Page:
Governance Systems of the First Australians

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Steven Liaros:

"First Australians also had a comprehensive and effective governance system — one that was distributed rather than centralised. The evidence of this is provided again in the journals and diaries of the first Europeans to arrive in Australia.

Bill Gammage brings this together in The Biggest Estate on Earth: How Aborigines Made Australia (2011). Gammage describes how hundreds of different cultures and languages across the continent were bound together by a common worldview:

Estate [definition]: Although comprising many ways of maintaining land, and managers mostly unknown to each other, this vast area was governed by a single religious philosophy, called in English the Dreaming. The Dreaming and its practices made the continent a single estate (Gammage, 2011)

There was no wilderness. The Law — an ecological philosophy enforced by religious sanction — compelled people to care for all their country… an uncertain climate and nature’s restless cycles demanded myriad practices shaped and varied by local conditions. Management was active not passive, alert to season and circumstance, committed to a balance of life.

The chief ally was fire. [this was] a planned, precise, fine-grained local caring. …Means were local, ends were universal. Successfully managing such diverse material was an impressive achievement; making from it a single estate was a breathtaking leap of imagination. (Gammage 2011:2)

This is an example of plurality and diversity bound together by a common narrative. Local communities were autonomous and also respectful of the autonomy of their neighbours. There was no central government enforcing its views over the entire continent but a network of societies all choosing to be responsible for their part of the country and their local community. Borders followed natural bioregional boundaries, so the law varied from one jurisdiction to another because the ecosystems in different bioregions functioned differently.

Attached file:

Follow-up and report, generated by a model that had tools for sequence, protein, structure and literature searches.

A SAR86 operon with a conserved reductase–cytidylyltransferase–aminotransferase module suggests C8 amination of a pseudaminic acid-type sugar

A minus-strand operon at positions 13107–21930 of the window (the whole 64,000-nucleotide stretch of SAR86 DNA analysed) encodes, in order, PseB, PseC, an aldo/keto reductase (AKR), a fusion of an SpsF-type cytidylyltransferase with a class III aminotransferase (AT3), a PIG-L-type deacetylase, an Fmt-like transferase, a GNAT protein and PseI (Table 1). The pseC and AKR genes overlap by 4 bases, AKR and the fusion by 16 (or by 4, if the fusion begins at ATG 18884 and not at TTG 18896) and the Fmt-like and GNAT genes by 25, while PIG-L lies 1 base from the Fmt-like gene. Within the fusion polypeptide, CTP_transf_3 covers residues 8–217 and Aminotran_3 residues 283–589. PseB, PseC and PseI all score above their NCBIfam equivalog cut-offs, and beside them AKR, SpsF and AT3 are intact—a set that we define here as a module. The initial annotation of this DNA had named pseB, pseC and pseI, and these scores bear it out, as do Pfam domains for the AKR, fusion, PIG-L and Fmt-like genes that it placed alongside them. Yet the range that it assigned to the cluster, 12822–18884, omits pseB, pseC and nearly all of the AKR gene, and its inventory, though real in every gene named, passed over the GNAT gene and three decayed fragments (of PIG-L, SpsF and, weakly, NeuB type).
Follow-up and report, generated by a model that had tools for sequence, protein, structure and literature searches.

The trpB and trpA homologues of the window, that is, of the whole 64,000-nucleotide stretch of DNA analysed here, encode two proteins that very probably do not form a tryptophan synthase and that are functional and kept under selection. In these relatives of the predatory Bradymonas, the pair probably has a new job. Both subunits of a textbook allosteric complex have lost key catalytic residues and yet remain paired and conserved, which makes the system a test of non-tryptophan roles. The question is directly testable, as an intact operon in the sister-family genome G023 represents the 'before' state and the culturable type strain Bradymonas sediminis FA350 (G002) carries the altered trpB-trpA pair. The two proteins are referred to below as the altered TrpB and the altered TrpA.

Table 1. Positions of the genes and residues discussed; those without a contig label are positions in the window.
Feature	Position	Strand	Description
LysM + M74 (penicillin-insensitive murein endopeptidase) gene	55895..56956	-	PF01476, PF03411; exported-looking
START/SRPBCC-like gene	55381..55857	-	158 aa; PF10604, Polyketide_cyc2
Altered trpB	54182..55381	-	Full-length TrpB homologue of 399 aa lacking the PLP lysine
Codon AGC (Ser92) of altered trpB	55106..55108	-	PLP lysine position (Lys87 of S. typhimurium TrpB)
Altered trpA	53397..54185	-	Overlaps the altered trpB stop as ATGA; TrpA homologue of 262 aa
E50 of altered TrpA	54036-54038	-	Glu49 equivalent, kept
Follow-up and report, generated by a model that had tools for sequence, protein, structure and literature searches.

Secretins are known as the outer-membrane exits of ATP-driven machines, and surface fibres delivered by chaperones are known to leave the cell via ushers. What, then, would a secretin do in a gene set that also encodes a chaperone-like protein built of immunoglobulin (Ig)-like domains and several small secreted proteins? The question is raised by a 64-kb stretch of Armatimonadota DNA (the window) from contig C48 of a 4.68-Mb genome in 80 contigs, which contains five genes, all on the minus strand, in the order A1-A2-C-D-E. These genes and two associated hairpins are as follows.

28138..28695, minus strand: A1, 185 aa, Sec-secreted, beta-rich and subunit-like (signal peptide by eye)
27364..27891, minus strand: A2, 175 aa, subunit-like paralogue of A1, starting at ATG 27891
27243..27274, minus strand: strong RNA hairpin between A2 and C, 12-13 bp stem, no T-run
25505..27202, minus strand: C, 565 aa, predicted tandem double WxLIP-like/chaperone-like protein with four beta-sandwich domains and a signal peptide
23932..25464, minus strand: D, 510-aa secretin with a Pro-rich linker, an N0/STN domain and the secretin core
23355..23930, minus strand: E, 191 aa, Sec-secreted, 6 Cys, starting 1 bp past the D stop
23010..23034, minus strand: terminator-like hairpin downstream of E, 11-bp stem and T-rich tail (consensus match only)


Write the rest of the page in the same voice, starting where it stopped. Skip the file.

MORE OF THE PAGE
This is perhaps the greatest challenge and obstacle to becoming indigenous. To become a part of this Country, we must change not just our system of social organisation but our objectives and worldview.

Irene Watson provides a detailed discussion of the indigenous worldview in Raw Law: Aboriginal Peoples, Colonialism and International Law (2015). Also referred to as relational philosophy, Watson compares and contrasts this with non-indigenous philosophy."

Indigenous Non-indigenous
obligations to renew land (stewardship) land ownership
blance (moderation) and renewal (regeneration) progress, accumulation, control (excess and growth)
lateral thinking (holistic, systems thinking) linear thinking (logic, silos with externalities)
consensus (equality) hierarchical patriarchy (hierarchy)
reciprocity one-way exchange
justice, harmony (distributed power) adversarial punishment (centralised power)
relationships (dualities) binaries (dichotomies)
eternal time (cyclical time) linear or machine time